Redeemer part 1


Was up at 2:45 a.m. to catch a flight to Houston – no problem getting there but then a late breakfast with Stevie Sawyer was a comedy of errors as we kept on missing each other at whatever Denny’s we were supposed to meet at on I-45. Then my cell phone was buzzing with emails about the possible resignation (which turned out not to be true) of Metropolitan Jonah, someone I had JUST finished doing a huge profile on for the Washington Post Sunday magazine. So here I was having deep conversations with Stevie while trying to follow breaking news.
After that ran by one of the only classical Catholic schools in the country – cool place in Sugarland just SW of Houston – was gathering info for yet another WaPo Sunday mag piece. Then found out that I was quoted in a Houston Chronicle article that came out Friday about Redeemer’s closing. Dropped off my things at the Hornbostels and caught up with Margaret – old friend and former community buddy – then off to potluck at the church where I met lots of old legends wandering the hallways such as Bob Eckert and of course Jerry and Alison Barker – those 2 men being 2 of the original 5 elders.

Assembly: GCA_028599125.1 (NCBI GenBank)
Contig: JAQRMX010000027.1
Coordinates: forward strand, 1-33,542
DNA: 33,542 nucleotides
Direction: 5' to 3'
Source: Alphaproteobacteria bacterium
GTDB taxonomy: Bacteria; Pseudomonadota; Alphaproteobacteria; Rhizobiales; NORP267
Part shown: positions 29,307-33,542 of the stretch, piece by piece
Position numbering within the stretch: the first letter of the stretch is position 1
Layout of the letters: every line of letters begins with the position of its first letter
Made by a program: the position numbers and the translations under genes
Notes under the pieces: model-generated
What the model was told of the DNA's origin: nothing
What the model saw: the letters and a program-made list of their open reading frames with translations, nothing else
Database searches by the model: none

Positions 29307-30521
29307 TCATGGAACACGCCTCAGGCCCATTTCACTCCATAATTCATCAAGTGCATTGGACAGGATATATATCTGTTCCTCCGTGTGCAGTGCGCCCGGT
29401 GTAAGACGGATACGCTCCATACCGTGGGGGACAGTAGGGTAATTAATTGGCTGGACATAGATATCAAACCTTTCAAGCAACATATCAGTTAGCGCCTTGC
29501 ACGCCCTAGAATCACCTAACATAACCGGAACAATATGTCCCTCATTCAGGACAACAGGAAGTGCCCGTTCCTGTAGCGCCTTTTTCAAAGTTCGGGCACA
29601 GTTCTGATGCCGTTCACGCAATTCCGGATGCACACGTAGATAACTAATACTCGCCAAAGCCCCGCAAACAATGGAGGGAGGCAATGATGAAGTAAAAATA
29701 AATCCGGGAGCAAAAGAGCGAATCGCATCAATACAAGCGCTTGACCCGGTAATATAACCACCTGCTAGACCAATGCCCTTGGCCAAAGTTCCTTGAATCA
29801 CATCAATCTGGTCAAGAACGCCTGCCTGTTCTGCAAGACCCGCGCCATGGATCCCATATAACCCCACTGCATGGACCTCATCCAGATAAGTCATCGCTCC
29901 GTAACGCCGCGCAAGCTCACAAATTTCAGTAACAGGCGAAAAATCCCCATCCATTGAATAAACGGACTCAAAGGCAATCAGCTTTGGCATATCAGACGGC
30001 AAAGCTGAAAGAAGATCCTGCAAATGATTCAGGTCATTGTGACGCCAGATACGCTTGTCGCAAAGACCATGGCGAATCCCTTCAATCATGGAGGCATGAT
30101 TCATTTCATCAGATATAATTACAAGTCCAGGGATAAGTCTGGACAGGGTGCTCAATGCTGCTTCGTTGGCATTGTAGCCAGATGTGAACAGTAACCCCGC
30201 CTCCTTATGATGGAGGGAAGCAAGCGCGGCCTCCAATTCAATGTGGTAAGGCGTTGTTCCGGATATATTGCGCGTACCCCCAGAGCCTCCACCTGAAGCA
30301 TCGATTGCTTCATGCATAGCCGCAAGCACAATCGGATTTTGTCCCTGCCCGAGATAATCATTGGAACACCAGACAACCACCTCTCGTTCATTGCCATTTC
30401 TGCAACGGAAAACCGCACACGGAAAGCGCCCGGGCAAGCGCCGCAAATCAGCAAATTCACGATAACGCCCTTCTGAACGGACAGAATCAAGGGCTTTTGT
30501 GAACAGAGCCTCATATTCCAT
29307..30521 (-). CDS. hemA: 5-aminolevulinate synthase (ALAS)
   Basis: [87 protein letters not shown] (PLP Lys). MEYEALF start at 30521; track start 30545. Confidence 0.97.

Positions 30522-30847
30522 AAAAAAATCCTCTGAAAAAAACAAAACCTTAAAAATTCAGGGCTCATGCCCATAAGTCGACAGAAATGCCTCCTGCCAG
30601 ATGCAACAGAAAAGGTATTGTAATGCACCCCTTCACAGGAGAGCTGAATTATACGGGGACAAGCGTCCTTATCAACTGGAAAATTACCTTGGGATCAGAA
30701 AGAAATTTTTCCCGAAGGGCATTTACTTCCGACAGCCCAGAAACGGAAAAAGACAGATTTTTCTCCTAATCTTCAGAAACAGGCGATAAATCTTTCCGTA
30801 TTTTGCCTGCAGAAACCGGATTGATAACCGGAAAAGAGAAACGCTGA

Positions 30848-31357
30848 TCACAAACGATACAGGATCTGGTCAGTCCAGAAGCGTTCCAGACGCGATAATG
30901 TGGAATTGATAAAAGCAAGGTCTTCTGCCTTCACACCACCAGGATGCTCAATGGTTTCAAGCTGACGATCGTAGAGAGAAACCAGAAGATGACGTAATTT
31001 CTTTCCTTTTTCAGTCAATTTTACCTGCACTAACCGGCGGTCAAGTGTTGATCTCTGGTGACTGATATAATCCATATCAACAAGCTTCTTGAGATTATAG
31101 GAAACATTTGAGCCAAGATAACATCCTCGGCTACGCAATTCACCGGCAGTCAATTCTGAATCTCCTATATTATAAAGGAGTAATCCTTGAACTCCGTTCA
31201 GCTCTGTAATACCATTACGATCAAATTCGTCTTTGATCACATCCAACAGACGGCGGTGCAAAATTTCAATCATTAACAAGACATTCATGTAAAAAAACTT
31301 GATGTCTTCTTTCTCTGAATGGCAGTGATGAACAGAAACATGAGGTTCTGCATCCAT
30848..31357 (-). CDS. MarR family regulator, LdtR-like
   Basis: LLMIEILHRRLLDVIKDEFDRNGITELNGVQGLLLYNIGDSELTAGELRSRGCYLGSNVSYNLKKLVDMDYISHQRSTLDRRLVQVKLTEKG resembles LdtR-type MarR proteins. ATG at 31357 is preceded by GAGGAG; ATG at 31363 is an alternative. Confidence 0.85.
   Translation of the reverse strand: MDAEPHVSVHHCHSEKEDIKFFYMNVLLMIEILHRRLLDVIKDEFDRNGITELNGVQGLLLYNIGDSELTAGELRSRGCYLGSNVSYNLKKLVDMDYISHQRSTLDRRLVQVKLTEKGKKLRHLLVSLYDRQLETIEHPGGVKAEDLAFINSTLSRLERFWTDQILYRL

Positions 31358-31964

A cool worship service followed – the highlight being Wiley Beveridge (that wonderful voice is as golden as ever) playing “A Larger Place” on the piano while Max Dyer did cello. You could just see the faces of all the people going back 40 years to another era when all was young and fresh and hopeful. People slowly stood and lifted their hands and worshipped as we melted into one chorus after another. Max called the crowd “a river of people who’ve come through this place” and then Wiley did “Great and Wonderful” as an encore. Then the 8-fold Alleluia as many of wondered HOW could the diocese be tearing this building down? Sure the congregation can meet elsewhere but buildings have meaning. Worship is different in a cathedral than in a box. The new place they are going to won’t have the expansive aisles, soaring mural of Jesus – the majestic interior that can’t be copied. It feels like a bitter slap from the diocese which has slated – believe it or not – a deconsecration service Sunday right after the closing words of the main service. Great timing.
Near the end, we all sang “Jesus, How Lovely You Are,” that old 70s chestnut, in parts. We had such better music back then. All is bitter-sweet; Jerry Barker is 86 now and he has decided not to do kidney dialysis which, barring a miracle, means his days are quite numbered. “I’ve had a good run,” he told me. “I have no regrets.” Would that we could all end like that.